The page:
It's a short book, but a book doesn't have to be long to be powerful. I read this, curious, because a co-worker was super excited about it - then I saw her talking with Trevor Noah. I found myself underlining one passage in each section - not for myself as much, but for my 12yo daughter. She is a competitive gymnast, can be afraid of her power and her fear of failure - and Abby says a lot about both of those in this book. She's right - as women, we far too often find ourselves *grateful* for wha

    It's a short book, but a book doesn't have to be long to be powerful. I read this, curious, because a co-worker was super excited about it - then I saw her talking with Trevor Noah. I found myself underlining one passage in each section - not for myself as much, but for my 12yo daughter. She is a competitive gymnast, can be afraid of her power and her fear of failure - and Abby says a lot about both of those in this book. She's right - as women, we far too often find ourselves *grateful* for what we have, devaluing ourselves and our work in the process. We deserve better, we can be better, and together we can make that happen.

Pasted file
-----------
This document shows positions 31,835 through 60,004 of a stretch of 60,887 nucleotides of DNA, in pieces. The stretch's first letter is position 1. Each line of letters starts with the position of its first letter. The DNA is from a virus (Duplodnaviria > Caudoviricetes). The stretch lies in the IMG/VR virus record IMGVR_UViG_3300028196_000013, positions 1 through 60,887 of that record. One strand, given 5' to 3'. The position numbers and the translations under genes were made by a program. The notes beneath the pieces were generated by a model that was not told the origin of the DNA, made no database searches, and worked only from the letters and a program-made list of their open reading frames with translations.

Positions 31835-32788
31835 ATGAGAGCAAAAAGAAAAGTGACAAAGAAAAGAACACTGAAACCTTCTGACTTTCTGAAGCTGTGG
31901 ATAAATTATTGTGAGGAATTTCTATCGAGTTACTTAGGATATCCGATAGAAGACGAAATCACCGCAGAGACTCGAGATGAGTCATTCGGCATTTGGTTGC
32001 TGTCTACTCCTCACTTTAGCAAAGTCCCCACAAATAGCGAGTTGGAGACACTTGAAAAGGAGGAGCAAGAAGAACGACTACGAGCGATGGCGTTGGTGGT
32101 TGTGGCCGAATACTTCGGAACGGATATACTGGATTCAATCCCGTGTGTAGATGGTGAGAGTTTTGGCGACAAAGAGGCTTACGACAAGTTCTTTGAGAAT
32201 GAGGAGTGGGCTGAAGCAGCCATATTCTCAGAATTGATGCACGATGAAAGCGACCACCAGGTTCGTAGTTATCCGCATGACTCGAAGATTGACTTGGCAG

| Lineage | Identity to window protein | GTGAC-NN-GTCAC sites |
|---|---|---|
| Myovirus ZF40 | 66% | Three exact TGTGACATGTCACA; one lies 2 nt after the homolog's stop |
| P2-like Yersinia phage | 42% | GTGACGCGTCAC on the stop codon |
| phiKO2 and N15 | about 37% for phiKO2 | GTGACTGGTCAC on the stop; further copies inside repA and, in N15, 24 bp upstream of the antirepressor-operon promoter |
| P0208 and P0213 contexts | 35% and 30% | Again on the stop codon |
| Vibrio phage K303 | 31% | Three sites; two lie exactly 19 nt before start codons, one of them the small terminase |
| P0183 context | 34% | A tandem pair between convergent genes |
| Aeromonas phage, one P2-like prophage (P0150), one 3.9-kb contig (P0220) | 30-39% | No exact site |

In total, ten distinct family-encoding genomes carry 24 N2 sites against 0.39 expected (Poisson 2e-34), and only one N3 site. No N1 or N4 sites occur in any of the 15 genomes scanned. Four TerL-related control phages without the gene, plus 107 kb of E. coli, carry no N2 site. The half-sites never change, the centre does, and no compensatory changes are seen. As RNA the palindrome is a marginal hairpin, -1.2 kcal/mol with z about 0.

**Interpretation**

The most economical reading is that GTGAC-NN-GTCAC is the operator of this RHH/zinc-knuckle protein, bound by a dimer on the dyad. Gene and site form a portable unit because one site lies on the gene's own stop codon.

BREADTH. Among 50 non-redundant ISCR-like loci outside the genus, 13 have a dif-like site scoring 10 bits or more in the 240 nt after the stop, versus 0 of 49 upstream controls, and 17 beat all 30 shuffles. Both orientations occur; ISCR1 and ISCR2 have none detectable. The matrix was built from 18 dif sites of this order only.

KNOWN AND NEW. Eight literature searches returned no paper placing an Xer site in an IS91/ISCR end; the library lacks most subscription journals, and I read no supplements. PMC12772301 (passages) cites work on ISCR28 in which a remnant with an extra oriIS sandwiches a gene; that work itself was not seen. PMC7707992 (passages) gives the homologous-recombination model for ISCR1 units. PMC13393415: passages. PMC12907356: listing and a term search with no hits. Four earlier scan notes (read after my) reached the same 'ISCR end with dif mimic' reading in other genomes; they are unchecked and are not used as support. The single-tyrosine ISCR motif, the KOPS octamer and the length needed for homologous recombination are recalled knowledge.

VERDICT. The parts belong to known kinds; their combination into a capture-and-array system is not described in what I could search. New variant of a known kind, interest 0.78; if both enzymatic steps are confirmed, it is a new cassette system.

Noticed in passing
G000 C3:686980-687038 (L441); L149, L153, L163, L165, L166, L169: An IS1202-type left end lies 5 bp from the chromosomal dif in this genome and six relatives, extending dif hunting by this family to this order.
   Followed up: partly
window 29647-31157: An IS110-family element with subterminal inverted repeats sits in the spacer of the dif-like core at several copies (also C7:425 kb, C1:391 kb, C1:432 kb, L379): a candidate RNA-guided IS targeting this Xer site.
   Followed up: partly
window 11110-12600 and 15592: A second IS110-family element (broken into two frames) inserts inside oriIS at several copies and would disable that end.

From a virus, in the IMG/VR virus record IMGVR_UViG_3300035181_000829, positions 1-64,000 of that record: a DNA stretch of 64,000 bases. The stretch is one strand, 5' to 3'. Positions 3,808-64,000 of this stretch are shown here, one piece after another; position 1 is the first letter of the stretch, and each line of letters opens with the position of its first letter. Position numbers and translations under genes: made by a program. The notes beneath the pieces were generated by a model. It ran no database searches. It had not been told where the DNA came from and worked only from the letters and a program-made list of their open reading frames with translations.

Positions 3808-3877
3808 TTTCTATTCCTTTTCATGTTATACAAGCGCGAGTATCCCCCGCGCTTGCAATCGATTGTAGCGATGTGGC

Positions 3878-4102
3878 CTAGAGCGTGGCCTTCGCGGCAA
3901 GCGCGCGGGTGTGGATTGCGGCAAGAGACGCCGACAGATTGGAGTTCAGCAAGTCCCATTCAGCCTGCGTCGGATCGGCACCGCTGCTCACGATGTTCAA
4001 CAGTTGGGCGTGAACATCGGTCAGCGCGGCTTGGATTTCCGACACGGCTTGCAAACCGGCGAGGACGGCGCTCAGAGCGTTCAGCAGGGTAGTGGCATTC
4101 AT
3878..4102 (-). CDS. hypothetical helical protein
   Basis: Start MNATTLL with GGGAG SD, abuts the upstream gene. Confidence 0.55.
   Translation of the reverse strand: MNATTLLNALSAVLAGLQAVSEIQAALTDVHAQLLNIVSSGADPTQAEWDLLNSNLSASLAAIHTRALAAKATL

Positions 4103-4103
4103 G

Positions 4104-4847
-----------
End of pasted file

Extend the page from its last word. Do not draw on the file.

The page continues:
• Kristen Mcknight

    This was a short book and a quick read. While I agree with many of her principles, in my opinion it doesn't deserve to be a book (I'm glad I checked it out of the library and didn't purchase it). It's more like a pamphlet with some principles to motivate women.

  • Laura Noggle

    Decent empowerment speech / "rallying cry" for women.

    I had to Google Abby Wambach when I picked up this book, as I had only the faintest idea who she was. With the recent USA Women's World Cup win, this seemed like a timely read.

    Apparently WOLFPACK is basically the commencement address Wambach gave at Barnard College in 2018. At a meager 112 pages, it has some nice quote-ables but not much depth.

    Decent empowerment speech / "rallying cry" for women.

    I had to Google Abby Wambach when I picked up this book, as I had only the faintest idea who she was. With the recent USA Women's World Cup win, this seemed like a timely read.

    Apparently WOLFPACK is basically the commencement address Wambach gave at Barnard College in 2018. At a meager 112 pages, it has some nice quote-ables but not much depth.

  • Janet